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Voices Speaking

November 28, 2018

How State and Local Fiscal Policies Impact Racial Equity

The Center for Budget and Policy Priorities has released a new report about how state and local fiscal policies impact racial equity and makes recommendations to overcome longstanding inequities. Michael Leachman, Senior Director of State Fiscal Research, in a blog post, explains:

“States and localities can do more to help undo the harmful legacies of racism and the damage of continuing racial bias and discrimination, a major new Center report finds. If state policymakers can design their budget and tax policies to better address these harms and create more opportunities for people of color, state economies would be more equitable and likely stronger, which in turn could benefit many state residents of all backgrounds.

States and local governments account for nearly half of all domestic public-sector spending, and most of the funding for education and certain other investments important for economic growth. As such, how states and localities raise and spend revenue, including what services they finance, has major implications for racial and ethnic equity. Yet, while people of color have made progress in many areas in recent decades, state and local fiscal policies too often haven’t contributed to that progress and, instead, have extended or cemented racial disparities in power and wealth.”

(Continue reading here).

The report highlights a number of ways that states, including Connecticut, can mitigate racial inequities, such as expanding tax credits for low-income families, ensuring sufficient funding for public schools, and improving the budget rules that artificially restrict the ability of policymakers to fund critical services for children and families.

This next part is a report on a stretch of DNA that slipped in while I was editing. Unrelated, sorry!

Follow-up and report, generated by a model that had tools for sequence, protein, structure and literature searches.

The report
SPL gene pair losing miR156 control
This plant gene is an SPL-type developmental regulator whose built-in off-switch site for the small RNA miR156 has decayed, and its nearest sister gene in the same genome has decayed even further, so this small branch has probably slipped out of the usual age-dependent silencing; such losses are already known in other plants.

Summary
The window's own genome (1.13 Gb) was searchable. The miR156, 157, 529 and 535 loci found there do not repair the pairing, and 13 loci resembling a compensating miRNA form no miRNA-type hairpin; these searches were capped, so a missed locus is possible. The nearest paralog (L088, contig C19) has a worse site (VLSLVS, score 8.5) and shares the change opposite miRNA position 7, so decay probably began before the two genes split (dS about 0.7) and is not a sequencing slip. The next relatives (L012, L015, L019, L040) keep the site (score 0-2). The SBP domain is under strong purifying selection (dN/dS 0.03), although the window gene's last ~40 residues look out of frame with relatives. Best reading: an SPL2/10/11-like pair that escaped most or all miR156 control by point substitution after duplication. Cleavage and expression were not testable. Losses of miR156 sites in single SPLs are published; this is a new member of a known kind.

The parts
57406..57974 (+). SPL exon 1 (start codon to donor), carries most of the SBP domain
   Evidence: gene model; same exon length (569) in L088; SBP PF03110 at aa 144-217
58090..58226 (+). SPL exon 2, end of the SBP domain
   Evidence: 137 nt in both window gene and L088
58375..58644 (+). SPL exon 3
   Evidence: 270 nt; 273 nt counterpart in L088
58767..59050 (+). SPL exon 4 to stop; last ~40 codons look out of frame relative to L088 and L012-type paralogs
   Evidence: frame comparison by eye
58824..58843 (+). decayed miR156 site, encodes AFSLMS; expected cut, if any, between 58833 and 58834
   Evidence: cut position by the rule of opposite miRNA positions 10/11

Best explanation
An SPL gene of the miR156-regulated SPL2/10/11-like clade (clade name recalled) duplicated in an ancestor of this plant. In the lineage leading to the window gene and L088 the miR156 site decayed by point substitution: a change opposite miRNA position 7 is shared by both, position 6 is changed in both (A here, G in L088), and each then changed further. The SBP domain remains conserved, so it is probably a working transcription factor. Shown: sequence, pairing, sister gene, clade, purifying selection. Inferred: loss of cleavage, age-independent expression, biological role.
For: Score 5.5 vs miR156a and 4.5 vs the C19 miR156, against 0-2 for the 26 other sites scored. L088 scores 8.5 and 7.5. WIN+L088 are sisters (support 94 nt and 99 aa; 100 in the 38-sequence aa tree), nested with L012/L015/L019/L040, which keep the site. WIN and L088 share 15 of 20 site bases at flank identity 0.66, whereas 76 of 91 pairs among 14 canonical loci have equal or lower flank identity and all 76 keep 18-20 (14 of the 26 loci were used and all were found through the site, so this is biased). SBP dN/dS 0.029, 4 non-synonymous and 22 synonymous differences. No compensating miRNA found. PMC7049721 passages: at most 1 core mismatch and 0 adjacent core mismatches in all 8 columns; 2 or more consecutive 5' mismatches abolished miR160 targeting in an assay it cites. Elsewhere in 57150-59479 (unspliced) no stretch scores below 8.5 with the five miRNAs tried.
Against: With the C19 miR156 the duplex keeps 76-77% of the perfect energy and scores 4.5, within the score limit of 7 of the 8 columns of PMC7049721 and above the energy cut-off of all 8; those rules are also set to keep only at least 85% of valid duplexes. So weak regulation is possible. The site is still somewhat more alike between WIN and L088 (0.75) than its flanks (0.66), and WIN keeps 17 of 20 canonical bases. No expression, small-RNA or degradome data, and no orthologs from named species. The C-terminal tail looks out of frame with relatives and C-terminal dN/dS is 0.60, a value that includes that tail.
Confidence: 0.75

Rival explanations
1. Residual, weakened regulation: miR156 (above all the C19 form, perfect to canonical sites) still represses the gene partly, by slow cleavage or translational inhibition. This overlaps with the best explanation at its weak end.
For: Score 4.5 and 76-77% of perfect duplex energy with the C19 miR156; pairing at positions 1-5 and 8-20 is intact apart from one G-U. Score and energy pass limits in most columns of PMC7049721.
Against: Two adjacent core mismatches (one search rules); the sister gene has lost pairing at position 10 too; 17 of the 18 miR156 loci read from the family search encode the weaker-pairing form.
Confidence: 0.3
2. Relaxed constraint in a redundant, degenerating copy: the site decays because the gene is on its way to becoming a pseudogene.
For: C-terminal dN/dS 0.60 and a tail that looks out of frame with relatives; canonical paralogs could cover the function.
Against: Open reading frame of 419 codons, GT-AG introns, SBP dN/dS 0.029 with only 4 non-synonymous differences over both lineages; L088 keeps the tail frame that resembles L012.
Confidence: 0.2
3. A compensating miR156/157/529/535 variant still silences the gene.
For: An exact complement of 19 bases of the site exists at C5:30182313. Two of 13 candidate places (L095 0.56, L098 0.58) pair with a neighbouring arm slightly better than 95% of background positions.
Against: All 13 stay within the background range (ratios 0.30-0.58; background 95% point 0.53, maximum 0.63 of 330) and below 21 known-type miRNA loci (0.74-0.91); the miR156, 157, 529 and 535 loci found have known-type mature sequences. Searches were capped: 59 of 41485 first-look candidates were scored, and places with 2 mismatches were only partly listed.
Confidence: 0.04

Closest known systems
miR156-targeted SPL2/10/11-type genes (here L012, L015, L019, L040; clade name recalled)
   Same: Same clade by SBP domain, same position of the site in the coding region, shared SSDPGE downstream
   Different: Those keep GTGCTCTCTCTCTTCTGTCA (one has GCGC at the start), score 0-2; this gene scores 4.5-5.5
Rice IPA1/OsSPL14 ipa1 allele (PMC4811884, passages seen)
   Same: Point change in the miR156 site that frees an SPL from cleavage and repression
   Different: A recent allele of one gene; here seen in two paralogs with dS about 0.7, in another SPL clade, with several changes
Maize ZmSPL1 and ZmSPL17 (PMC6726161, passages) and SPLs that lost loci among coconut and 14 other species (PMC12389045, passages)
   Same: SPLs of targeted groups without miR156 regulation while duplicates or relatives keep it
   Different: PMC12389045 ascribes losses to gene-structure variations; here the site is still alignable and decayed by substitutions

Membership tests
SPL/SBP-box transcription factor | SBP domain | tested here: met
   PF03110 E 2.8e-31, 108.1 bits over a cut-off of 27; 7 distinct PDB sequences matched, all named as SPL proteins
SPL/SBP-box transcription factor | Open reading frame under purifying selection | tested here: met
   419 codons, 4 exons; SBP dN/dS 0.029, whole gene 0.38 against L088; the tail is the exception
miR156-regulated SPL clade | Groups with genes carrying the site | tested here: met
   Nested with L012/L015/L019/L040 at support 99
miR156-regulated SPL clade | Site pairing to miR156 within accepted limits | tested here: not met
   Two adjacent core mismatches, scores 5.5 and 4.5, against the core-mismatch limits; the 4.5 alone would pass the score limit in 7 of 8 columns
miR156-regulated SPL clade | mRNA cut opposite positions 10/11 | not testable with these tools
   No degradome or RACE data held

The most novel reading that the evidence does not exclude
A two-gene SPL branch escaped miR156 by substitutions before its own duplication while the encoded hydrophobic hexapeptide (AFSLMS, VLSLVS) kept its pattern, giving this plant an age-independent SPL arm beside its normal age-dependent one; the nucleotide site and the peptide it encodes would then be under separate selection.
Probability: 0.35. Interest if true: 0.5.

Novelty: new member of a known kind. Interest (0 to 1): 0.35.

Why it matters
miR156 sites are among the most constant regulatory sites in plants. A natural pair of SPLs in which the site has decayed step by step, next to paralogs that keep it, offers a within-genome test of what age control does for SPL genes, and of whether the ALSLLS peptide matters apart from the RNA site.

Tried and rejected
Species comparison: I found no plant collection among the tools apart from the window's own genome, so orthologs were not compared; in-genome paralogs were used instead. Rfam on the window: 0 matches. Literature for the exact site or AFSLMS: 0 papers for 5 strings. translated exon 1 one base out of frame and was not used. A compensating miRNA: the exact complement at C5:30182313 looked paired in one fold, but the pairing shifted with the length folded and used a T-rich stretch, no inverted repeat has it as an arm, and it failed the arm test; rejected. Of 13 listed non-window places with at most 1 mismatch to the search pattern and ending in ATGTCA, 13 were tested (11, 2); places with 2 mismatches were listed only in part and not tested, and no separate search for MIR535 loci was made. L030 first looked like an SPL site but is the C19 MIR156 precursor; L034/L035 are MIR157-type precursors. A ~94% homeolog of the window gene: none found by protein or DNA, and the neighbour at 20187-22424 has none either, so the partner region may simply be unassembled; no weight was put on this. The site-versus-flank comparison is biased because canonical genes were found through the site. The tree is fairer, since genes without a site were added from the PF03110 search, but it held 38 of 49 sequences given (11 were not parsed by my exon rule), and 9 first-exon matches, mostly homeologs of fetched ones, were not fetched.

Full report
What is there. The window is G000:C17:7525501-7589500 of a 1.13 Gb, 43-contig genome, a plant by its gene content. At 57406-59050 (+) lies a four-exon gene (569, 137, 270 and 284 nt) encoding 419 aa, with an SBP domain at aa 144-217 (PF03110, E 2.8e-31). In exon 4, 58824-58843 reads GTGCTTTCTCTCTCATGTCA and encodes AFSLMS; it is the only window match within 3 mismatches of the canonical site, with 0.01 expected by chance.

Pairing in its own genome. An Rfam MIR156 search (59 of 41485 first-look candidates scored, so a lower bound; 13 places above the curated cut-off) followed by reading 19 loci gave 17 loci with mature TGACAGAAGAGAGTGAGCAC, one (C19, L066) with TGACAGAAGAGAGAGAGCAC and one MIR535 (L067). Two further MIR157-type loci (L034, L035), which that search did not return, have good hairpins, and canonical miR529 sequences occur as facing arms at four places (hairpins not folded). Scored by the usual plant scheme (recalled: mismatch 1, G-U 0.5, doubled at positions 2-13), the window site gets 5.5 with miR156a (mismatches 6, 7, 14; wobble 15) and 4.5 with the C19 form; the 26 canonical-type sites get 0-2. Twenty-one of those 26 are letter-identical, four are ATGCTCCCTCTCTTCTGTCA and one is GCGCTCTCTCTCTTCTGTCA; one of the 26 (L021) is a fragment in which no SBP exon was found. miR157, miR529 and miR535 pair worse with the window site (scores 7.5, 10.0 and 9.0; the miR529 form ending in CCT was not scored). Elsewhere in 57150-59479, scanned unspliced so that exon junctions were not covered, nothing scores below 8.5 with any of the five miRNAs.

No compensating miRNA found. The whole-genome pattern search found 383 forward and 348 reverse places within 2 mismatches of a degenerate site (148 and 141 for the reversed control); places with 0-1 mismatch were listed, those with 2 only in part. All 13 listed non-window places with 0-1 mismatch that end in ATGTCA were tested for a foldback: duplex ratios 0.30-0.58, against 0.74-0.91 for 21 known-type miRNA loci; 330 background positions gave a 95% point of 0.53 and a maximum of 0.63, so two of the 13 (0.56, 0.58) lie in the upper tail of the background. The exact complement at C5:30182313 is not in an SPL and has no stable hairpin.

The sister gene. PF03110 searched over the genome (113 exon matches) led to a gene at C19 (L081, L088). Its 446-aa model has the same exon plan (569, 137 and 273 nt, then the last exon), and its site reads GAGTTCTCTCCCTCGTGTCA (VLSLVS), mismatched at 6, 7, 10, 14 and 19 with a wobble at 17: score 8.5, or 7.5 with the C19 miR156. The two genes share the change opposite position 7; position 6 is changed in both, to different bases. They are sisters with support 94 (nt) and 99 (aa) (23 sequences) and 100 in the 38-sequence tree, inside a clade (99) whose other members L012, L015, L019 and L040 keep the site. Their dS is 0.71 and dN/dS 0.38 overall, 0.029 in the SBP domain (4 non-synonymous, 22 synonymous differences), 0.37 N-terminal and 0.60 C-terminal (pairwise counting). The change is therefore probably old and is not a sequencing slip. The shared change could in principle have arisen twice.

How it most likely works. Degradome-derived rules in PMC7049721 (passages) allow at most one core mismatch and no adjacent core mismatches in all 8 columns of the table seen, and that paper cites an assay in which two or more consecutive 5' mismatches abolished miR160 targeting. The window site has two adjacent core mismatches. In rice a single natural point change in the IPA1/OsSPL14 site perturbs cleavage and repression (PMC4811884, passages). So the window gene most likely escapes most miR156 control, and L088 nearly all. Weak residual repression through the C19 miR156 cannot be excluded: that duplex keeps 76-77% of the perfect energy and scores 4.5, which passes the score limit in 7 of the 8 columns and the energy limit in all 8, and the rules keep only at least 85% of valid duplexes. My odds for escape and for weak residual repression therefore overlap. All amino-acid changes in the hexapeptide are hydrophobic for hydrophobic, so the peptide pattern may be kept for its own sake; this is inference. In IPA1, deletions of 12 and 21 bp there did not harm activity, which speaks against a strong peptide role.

Connecticut took an important step in improving racial equity with the passage of  S.B. 256 this year.  Under this new law, legislators may request a racial and ethnic impact statement of any proposed legislation, recognizing the need to evaluate bills through a racial equity lens. 

Issue Area:
Budget and Tax
Tags:
budget, disparities, income tax, property tax, taxes
November 19, 2018

Public Charge: Submit your comments today

Karen Siegel, M.P.H.

We have written before about proposed changes to the public charge determination used when individuals seek a change in their immigration status.

Connecticut Voices for Children recently prepared these comments for the Federal Register. To make the comment writing simpler for partners, we also created this template. Submit your comments here by December 10. Please share your story or experience before the December 10 deadline.

For more information on public charge, please see this FAQ sheet from Greater Hartford Legal Aid in English and Spanish, and our previous blog posts here and here.  

 

Issue Area:
Health

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